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So much whisky, so little time | Singapore | Tasting Notes

Glann ar Mor Maris Otter vs Kornog Roc’h Hir vs Kornog Sant Erwan 2016

Somehow the fact of it being St. Patrick’s day yesterday completely escaped me, and instead of doing the proper thing and having Irish whiskey I instead embarked on French whisky. Glann ar Mor is a distillery in Brittany, and while it is true that Brittany has celtic roots, it’s not quite the same celtic. I shall make up for this oversight by offering a joke first told to me by an Irish colleague who must be the funniest person I know:

Paddy Irishman, paddy Welshman, paddy Scotsman and paddy Englishman were on a flight and just as the plane ascended to 30,000 feet, the panicked captain shouted into the intercom. “Oh my God, we’ve just lost all but one of our engines, and now we’re too heavy, one of you will have to sacrifice yourself to save the plane”. The Irishman, Welshman, Scotsman and Englishman looked at each other. “For the glory of Scotland!” yelled the Scotsman and he threw himself out the door. “No good, we’re still too heavy! Someone else jump!”  “For the glory of Wales!” shouted the Welshman and he went out the door. “Tough luck, we’re still too heavy!” “For the glory of Ireland!”  And the Irishman kicked the Englishman off the plane.

It is true there has been a lot of suffering in Irish history, but in terms of drink, musical heritage, and good humour, I can’t think of any other country as lucky as the Irish. Happy St. Patrick’s day!

Right so my French drink instead – Glann ar Mor which means ‘at the edge of the sea’ is a relatively new distillery owned and founded by Jean Donnay in 1999. It produces a peated variant called Kornog and the eponymous whisky is the non peated version. The whole operation is run by 4 persons and is truly a limited and in many ways traditional product: Everything after the arrival of the malted barley takes place on site, the washbacks are pine, the two tiny stills are gas fired and worm coils are used instead of condensers.

In Singapore, you can buy these whiskies from our local Triskel Spirits.

 

Glann ar Mor Maris Otter 46%

Distilled from a single heritage strain of barley.

 Nose: Ok my style of whisky. Clean and au naturel – that is to say very close to the spirit. Shortbread and hot sand. A chalky mineral complex. Pear eau de vie. Clear and cutting resin and oxalic acid – like bitter sap of healthy greens.Very enjoyable.

 Palate: Yes as the nose suggests, only a more evident green sting, along the lines of spinach, celery, bittergourd you know etc..  plus minerals and sweet vanilla pods, that’s the wood whispering. Also more ginger and a white heat.Really quite a bit of clay and clean minerals. This one is very much about the barley.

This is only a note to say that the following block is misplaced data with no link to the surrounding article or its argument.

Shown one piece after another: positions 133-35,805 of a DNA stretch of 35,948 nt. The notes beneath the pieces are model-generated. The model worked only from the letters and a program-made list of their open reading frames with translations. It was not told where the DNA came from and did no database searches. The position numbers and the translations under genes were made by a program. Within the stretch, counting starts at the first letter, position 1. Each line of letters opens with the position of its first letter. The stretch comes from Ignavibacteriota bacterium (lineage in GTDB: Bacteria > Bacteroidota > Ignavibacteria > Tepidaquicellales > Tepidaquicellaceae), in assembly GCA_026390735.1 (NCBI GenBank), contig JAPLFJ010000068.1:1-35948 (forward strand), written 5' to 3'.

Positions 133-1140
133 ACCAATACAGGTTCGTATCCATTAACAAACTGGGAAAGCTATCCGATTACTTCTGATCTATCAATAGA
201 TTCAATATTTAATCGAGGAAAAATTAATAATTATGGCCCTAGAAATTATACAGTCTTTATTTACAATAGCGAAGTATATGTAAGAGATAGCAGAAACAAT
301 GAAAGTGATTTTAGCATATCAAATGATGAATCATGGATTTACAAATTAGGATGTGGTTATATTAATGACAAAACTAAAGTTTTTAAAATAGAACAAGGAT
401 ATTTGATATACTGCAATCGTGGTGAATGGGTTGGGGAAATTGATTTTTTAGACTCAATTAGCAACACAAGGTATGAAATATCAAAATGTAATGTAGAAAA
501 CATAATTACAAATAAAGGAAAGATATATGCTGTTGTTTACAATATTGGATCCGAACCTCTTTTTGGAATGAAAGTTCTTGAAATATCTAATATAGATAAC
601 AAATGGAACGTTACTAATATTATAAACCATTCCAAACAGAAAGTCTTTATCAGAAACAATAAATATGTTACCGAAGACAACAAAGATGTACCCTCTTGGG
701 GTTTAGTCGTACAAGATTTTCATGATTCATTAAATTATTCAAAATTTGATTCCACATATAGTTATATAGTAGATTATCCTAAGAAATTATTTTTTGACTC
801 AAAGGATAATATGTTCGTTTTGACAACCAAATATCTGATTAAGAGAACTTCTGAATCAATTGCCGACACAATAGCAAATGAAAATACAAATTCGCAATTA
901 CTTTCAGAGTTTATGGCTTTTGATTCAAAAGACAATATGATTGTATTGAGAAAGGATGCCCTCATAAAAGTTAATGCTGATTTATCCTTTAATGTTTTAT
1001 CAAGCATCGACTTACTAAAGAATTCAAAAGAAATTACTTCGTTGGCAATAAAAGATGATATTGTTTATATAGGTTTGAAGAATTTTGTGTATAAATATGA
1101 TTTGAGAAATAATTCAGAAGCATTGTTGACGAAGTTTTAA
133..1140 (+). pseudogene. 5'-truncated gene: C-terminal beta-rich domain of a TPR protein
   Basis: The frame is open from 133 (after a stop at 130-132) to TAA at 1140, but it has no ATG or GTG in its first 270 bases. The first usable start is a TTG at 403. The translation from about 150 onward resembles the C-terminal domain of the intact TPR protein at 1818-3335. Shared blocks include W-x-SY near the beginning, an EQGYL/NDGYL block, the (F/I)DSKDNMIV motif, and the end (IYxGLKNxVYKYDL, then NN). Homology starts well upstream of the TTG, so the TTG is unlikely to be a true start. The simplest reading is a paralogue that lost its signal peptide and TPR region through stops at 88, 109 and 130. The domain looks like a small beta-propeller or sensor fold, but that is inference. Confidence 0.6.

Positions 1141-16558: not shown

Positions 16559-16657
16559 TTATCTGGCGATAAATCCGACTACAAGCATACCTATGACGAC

Finish: Fairly long, sappy and herby.

Honestly I instantly thought of a very mineralled Clynelish. Means this has done well in my reckoning.

 

Kornog Roc’h Hir 46%

 Nose: 30-35 ppm says the website.. I don’t get anything near that. Such gentle peat. It’s a rooty and earthy sort of peat, with sweet wood smoke. Black tea and other organics like freshly turned compost. Sweet wood and barley sugar. And also some clean chalk and sappy greens that remind me of the Maris Otter.

 Palate: White pepper, paper ash, white wine. quite some chalk and plant sap now. Feels like the peat and the malt are struggling how to express themselves. Malt bins, mentholated and lots and lots of heat.

 Finish: Medium. Hot and stinging bitter herbals. White pepper.

Feels somewhat young, but the distillation is spot on – no evident flaws. Definitely one to revisit with some age.

 

Kornog Sant Erwan 2016 50%

 Nose: Again not a peat monster, but certainly from a much more active bourbon barrel. Suede leather, toffee candy or vanilla fudge. Black pepper charred like charcoal. Burning pine wood, camphor and some interesting deeper medicinals. Again its a rooty earthy peat more akin to Ardmore than Ardbeg.

 Palate: Comes together well. The expected bourbon influence and the peat are there, but now additional layers open up. We get a bonus of rye-like roasty-spicy-dryness  and also some citrus jam juiciness. Very interesting. Excellent barrel selection.

 Finish: Fairly long and quite some woody tannins and dry spice.

Was a surprise! Multilayered, accessible and good strength. Really good stuff.

 

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This entry was posted on March 19, 2017 by in Glann ar Mor, Kornog and tagged , .
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